A. Notice and Good Faith Responses.

A.R.S. § 12-1363 provides that ninety (90) days before filing a dwelling action, a purchaser must give written notice by certified mail, return receipt requested, to the seller, which specifies in reasonable detail the basis of the purchaser’s dwelling action. After receipt of the notice, the seller has an opportunity to inspect the dwelling to determine the nature and cause of the alleged defects, as well as the nature and extent of any repairs or replacements necessary to remedy the alleged defects. The purchaser has an obligation to ensure the property is made available for inspection, and the seller may use reasonable measures, including testing, to determine the nature and cause of the alleged defects if the seller and the nature and extent of any repairs or replacements necessary to remedy the alleged defects. If the seller does destructive testing, the seller must restore the dwelling to its condition before testing.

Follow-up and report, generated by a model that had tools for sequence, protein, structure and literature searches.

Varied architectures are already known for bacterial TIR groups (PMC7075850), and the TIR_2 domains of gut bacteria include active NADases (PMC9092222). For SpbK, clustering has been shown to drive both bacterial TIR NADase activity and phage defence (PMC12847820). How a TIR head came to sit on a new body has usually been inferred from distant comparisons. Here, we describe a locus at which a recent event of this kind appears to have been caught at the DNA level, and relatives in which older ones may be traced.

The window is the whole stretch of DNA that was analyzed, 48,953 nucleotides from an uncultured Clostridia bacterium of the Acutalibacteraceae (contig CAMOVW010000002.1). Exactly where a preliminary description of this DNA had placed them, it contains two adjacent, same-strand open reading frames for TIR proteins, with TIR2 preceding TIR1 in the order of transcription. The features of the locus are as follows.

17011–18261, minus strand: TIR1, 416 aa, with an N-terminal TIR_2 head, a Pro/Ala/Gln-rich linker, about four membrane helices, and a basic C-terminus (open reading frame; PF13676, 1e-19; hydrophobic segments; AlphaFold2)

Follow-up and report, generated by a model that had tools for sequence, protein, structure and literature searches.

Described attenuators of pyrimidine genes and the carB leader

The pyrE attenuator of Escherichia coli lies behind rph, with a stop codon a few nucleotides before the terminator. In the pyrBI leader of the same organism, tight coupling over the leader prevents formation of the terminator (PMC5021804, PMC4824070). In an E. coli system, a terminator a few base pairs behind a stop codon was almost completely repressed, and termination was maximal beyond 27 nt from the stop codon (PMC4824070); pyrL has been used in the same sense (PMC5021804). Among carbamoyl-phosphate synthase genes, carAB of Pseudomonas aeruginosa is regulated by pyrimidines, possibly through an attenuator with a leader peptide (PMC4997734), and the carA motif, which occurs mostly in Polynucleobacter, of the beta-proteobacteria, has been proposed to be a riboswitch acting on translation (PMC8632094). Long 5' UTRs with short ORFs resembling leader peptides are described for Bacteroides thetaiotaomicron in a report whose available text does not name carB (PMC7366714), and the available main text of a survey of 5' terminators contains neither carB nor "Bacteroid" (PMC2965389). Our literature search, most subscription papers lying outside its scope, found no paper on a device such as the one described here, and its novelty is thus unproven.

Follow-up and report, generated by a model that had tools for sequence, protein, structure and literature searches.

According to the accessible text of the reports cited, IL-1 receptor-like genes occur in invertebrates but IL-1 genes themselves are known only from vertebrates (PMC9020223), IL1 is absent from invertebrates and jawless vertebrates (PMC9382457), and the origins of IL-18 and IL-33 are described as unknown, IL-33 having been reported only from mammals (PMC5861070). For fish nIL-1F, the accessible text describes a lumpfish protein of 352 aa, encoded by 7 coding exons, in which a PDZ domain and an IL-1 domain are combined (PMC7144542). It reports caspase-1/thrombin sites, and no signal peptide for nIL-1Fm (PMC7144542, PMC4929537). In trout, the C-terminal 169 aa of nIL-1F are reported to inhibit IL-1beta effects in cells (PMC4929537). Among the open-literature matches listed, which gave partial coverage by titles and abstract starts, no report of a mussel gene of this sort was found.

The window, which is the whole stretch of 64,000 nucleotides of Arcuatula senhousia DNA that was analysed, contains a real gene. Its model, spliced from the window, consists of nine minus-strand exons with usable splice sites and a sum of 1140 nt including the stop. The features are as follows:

Within sixty (60) days after receipt of the notice from the purchaser, the seller shall respond to the purchaser with a good-faith written response by certified mail, return receipt requested. The seller’s response may include an offer to repair or replace the alleged defects, to have the alleged defects repaired or replaced at the seller’s expense, or to provide monetary compensation to the purchaser. The purchaser, within twenty (20) days of receipt of the seller’s offer, shall provide a good faith written response.   If the purchaser rejects the seller’s offer, the response shall include the basis for the purchaser’s rejection and may include a counteroffer. If the purchaser submits a counteroffer, the seller has ten (10) days after receipt of the response and counteroffer to make a “best and final” offer.